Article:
In several of the broadcasts Crowle equates Aboriginality with childishness. She writes of Indigenous people as if they are innocent children and the possibilities for equality in her interactions with them stem from her relationships to them as a child. She conflates the idea of the 'uncivilised' child and the 'uncivilised' 'native', both of whom are deeply connected in her narratives to nature. Crowle remarks that upon leaving adolescence she had to leave her wild childhood behind and get on with more serious activities. The Aboriginal people in her stories, however, remain in the space of childhood memory and never move into 'civilised society'. Crowle however, as a young woman, enters Brisbane society. 'As we were growing up, we had to turn our thoughts to boarding school and more serious things than running wild…'3. 'And so my childhood, anyway, in Australia came to a happy ending and fifty years of real life in the Mother Country began'.4
This description of Britain as 'real life' consolidates the not quite real atmosphere of the broadcasts making them seem more like adventure stories than an historical narrative. When writing about the process of memory, historian Tom Griffiths asks; "Is it possible to identify seasons of memory, periodic surges of wistful story-telling?". (Griffiths, 1996:197) Although he is writing about a cultural moment I am interested in the idea that one such moment in the life of Mary Crowle can be explored through the nostalgic stories she left in her archives. Griffiths goes on to point out the link between nostalgia and progress, 'Nostalgia, argues Christopher Lasch, is the ideological twin of progress; its flip side…'. (Griffiths, 1996:197)
Around 1927 Crowle wrote and broadcast a substantial amount of material on her life and childhood and her stories are suffused with a 'wistful' nostalgia. She romanticised her childhood in, what she refers to as, ' the glorious Australian bush'. This wistful nostalgia is embedded in a longing for the remembered simplicity of childhood as well as the nostalgia of the expatriate. This nostalgia found a receptive audience in Britian, perhaps as a collective remembering of colonial glory. The nostalgic broadcasts could also be viewed as a propaganda-like promotion of the British Empire. Crowle remembers the Empire at its height while writing from the heart of the a declining Empire. She seems anxious to portray life in Australia to her British audience as a glorious one, superior to life in Britain. Crowle firmly locates the conflict of colonialism in the past.
Ideas and ideologies of 'race' permeate almost all of Crowle's stories and radio broadcasts. She remembers 'race' in her 'factual' writings within the paradigm of scientific ideologies of 'race', progress and white, European concepts of land use. Crowle, who considered herself an humanitarian and forward thinker, firmly believed in the natural progress of racial evolution, and that Aboriginal people were a dying 'race' when white people arrived. Her beliefs are embedded in the context of scientific hierarchies of 'race' which formed a kind of legitimate scientific racism in the late nineteenth century. The idea of hierarchies of 'race' is apparent in Crowle's writing as is the notion that Aborigines are from another age. They are seen as ancient ancestors of modern man and within this ideology, evolutionary time can be seen as mapped geographically across the globe. (McCLintock, 1995: 36) The most evolutionary advanced peoples are to be found in Europe while the 'men of the stone age' are in Australia and other distant regions.
There was a prevalent belief in the nineteenth century that Indigenous peoples were dying out when they were 'discovered' by white colonisers. In one of the broadcasts Crowle, while talking about white ant hills, comments; 'Like the black boys or grass trees they seem to belong to the past, with the aborigines, and are passing and not being replaced'.5 The construction of the idea of 'primitive' peoples giving way to 'civilised' 'races' was central to the establishment of the colony. This belief also continuously hampered efforts by Australian humanitarians to limit the brutality of colonialism. (Reynolds, 1998) Crowle draws on both the memories of her own childhood experiences and her father's experiences to write one of her BBC broadcasts, entitled 'The Moreton Bay Blacks'. Crowle's father, W. Finucane, had been Crown Land Agent and Clerk of Petty Sessions in Normanton prior to moving to Cleveland in South East Queensland. The following passage is an excerpt from this broadcast:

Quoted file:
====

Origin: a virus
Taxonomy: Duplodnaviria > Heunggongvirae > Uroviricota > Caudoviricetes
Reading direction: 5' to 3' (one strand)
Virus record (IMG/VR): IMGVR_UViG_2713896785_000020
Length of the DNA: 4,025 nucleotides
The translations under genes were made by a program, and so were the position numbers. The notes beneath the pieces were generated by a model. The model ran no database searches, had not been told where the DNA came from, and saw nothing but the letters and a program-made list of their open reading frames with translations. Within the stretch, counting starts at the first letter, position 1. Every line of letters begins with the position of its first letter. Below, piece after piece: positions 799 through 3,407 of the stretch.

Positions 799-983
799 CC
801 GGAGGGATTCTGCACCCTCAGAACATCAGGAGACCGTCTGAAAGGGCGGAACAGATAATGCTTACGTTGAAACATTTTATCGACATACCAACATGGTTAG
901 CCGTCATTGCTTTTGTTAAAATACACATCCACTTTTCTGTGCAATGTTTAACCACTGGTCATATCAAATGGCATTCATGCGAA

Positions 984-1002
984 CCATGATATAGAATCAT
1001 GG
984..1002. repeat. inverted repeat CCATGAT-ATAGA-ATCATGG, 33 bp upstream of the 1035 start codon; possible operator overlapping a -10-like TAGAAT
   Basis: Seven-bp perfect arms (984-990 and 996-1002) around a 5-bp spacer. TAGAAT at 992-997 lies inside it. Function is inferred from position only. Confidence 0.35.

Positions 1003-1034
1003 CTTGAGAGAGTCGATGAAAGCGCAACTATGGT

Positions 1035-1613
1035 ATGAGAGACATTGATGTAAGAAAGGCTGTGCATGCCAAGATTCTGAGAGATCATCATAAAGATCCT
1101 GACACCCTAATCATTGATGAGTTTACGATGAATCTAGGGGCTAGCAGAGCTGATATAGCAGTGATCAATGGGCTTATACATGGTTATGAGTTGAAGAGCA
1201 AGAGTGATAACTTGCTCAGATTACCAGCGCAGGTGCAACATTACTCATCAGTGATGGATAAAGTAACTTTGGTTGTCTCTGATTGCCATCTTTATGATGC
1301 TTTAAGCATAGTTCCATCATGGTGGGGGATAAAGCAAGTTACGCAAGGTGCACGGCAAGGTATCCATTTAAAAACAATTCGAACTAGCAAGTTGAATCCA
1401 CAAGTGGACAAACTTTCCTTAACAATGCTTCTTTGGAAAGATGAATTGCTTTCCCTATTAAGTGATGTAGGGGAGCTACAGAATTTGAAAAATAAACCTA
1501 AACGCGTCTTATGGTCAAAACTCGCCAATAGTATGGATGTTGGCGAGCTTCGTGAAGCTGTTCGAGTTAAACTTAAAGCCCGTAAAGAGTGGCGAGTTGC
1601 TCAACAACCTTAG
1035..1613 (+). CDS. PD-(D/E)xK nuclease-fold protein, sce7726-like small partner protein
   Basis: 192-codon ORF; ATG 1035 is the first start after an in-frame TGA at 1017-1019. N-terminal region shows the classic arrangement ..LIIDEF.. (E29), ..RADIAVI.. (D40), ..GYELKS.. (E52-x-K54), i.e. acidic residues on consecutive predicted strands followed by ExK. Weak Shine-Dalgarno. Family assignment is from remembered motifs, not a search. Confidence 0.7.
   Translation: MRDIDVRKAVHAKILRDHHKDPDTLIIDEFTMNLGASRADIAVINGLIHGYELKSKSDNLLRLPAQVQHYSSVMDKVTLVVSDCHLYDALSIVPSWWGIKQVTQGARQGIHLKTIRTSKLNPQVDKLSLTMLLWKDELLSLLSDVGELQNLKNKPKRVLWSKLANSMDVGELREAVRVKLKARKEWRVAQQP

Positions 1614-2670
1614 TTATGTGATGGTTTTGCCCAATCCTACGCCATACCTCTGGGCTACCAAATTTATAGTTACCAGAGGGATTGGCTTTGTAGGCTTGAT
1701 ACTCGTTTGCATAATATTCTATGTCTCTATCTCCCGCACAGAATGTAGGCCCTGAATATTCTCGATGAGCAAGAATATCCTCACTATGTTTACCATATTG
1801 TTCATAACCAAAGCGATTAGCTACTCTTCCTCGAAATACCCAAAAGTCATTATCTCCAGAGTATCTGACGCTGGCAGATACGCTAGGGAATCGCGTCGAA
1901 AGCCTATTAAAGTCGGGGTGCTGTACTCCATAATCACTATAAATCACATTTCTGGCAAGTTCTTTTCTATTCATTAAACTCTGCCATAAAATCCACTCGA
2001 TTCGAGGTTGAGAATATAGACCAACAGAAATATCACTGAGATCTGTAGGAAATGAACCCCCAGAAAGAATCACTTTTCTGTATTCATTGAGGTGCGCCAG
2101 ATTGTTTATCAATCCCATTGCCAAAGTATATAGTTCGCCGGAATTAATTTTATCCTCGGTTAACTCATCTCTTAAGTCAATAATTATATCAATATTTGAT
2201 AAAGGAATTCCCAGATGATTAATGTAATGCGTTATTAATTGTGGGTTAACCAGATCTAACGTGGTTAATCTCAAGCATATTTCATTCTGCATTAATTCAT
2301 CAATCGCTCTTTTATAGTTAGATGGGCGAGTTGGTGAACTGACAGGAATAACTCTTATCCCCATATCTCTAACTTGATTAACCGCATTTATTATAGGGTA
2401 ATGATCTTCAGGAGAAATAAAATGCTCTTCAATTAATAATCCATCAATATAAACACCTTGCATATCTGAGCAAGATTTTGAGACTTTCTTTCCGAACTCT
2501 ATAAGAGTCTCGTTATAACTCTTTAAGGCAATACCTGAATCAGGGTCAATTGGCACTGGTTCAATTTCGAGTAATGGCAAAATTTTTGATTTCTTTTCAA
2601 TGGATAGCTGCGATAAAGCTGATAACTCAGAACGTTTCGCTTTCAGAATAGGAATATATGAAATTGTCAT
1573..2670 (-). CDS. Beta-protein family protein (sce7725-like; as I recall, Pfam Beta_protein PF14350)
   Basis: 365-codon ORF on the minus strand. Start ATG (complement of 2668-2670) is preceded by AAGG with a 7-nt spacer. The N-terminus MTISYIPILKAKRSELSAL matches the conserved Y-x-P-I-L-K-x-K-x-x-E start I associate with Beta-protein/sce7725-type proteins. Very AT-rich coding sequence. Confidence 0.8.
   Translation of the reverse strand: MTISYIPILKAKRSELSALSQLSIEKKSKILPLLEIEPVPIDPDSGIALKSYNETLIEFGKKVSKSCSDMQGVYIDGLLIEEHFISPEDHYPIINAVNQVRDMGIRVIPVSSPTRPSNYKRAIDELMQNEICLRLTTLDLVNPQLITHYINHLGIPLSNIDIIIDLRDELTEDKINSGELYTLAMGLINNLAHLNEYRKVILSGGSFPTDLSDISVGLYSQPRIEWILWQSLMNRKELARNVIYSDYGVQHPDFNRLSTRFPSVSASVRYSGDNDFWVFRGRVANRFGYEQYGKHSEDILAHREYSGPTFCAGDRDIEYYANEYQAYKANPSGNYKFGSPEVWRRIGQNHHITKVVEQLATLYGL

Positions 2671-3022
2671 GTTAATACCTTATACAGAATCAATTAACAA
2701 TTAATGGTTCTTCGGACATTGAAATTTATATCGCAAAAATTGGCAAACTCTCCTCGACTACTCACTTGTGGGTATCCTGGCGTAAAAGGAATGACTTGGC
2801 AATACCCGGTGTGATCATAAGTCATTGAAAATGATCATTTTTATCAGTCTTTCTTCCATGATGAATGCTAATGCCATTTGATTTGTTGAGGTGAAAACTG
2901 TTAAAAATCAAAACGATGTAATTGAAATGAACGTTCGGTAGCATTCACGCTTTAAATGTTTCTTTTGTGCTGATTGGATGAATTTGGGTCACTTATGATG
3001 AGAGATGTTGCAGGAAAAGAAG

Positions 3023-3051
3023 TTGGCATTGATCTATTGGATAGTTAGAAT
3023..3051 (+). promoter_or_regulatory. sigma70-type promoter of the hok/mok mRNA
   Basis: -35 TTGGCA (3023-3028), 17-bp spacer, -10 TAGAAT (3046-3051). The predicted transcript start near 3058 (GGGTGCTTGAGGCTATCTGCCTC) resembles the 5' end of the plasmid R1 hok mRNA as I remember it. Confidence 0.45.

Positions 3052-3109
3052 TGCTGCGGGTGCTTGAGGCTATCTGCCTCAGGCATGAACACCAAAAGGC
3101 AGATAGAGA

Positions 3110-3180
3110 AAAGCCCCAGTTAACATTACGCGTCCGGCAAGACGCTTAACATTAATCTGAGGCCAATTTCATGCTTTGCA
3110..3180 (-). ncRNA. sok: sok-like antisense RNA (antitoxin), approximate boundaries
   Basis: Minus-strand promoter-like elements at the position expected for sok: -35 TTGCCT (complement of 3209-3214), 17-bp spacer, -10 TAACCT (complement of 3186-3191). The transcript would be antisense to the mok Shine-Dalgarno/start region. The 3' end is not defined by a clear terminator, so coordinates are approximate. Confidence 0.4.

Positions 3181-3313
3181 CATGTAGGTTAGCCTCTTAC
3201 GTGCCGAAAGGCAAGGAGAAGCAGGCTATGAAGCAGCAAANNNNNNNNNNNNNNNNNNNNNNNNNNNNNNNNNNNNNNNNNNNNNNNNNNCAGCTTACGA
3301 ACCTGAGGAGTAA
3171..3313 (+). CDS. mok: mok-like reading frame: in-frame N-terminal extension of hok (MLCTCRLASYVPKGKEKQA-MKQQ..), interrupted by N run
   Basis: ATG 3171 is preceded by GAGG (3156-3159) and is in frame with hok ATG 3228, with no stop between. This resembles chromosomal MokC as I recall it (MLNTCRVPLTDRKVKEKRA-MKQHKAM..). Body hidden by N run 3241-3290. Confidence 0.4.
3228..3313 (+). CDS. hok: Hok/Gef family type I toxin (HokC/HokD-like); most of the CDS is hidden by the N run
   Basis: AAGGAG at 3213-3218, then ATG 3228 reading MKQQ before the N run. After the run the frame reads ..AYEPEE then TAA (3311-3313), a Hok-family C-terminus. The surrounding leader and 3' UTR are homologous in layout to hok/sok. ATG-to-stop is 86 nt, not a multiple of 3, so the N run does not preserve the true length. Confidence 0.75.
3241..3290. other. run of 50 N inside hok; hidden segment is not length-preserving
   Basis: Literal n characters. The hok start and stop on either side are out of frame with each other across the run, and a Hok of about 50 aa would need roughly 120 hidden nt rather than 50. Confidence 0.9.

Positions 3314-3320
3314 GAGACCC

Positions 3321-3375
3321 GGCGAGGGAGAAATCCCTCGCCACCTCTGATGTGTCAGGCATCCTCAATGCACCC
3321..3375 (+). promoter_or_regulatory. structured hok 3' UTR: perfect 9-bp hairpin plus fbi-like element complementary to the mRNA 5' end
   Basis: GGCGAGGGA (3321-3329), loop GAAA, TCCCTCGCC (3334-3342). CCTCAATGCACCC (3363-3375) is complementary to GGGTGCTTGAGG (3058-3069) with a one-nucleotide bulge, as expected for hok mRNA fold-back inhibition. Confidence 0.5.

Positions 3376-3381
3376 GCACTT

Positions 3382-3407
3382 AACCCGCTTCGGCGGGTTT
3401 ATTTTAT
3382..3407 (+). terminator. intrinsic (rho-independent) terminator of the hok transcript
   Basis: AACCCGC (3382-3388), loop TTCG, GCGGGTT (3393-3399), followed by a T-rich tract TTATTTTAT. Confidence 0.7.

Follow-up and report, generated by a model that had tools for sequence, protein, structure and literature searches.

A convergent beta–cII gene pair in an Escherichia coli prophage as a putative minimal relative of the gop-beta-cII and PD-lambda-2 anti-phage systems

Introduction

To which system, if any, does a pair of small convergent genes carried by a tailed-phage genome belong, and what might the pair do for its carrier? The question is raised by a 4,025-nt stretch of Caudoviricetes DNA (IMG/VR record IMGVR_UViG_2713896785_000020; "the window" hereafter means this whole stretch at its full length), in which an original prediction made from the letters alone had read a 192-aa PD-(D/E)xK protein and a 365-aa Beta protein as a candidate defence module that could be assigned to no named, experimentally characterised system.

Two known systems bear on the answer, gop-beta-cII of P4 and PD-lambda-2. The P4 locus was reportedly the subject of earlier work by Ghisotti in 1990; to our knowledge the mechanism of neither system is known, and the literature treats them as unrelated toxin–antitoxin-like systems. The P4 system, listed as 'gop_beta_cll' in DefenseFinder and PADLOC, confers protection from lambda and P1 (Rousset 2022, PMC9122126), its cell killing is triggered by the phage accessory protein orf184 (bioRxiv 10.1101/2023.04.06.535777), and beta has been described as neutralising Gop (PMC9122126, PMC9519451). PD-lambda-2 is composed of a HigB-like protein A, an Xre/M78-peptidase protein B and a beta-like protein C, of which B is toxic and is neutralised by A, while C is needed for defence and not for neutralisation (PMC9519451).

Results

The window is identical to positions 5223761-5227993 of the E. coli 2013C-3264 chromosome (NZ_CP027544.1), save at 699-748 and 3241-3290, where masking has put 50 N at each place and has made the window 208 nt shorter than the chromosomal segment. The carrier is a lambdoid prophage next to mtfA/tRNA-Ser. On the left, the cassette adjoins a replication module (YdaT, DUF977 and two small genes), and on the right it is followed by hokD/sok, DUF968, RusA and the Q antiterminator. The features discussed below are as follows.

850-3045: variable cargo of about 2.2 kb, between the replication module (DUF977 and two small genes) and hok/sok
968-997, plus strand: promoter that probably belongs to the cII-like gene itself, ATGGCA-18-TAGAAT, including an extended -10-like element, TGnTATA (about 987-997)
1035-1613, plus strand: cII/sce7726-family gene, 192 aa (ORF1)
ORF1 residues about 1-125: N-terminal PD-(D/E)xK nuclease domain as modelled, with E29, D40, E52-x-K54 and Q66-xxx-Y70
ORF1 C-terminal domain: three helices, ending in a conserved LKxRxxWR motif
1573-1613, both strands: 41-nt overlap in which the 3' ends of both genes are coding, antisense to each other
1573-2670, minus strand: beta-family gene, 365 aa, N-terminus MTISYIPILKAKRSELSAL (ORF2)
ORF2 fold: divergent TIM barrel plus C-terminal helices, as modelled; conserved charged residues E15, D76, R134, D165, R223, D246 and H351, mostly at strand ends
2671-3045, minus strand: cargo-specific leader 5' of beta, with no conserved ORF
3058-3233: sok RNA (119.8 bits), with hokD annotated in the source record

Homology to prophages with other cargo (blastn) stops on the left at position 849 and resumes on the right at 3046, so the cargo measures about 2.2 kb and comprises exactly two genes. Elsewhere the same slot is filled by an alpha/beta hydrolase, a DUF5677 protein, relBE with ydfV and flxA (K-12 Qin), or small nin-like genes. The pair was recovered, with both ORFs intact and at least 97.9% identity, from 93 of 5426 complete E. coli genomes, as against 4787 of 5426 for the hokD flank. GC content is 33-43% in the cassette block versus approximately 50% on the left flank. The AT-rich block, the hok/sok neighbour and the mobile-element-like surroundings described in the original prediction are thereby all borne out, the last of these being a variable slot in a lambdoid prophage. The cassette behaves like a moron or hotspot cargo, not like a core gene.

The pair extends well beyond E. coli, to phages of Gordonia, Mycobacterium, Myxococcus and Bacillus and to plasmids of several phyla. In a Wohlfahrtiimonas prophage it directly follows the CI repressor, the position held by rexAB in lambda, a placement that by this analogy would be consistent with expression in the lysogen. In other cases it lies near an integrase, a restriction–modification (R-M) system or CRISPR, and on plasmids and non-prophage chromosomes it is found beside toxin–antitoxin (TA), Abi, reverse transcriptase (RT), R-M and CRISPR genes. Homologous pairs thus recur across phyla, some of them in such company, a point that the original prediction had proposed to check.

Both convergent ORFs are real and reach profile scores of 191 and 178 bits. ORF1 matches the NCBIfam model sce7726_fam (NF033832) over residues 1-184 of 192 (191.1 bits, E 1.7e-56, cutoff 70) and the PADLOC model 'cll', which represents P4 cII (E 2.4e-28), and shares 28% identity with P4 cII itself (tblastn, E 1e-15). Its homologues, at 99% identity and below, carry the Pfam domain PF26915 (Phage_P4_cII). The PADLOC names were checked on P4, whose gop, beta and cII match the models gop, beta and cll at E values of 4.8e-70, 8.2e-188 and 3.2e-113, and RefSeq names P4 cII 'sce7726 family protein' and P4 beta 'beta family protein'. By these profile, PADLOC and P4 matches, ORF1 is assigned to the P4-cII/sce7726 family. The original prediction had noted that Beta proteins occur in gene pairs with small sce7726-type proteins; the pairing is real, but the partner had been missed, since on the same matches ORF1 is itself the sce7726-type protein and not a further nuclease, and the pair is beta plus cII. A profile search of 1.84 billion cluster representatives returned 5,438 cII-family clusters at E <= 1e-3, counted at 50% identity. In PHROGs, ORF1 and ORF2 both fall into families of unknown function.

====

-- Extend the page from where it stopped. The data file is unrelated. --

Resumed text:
The Australian aborigines are the oldest living race, the men of the Stone Age, who have not made the slightest advance from that day to this, which seems incredible.
The aborigines were a dying race when Captain Cook discovered them in 1770, as reported by Dampier in 1688 and other navigators. They are of very poor physique and their only cure for illness is to let blood, hence the many scars they have on their bodies.
In the North or Central Australia they are finer and more intelligent, probably from intermixing in the North with other Islanders and in Central Australia from living according to better methods. However, they are a poor race of people and can only leave us wondering why such a race should be wasted on a land of milk and honey and of such great beauty and wealth.6
This broadcast was part of a series of colonial narratives and nostalgic remembering of the height of the British Empire. This one broadcast contains within it many of the most prevalent ideas on 'race' that appeared or were popularised in the late nineteenth century. Crowle outlines a Darwinian racial hierarchy which appears to have been only marginally influenced by her own experience of spending time with Aboriginal people in Moreton Bay. In her other broadcasts she describes her childhood interaction with the Aboriginal people on the islands in Moreton Bay, more in terms of intersubjectivity albeit with a measure of assumed white superiority. Elsewhere, Crowle writes of how the children looked forward with excitement to going on camping trips to Coochiemudlo Island and what a wonderful time they had fishing with the Aboriginal people who were living on the island at the time. The children's Aboriginal nurse, and the 'Kanaka' servants are often mentioned and form a backdrop to the story of the children growing up and having adventures.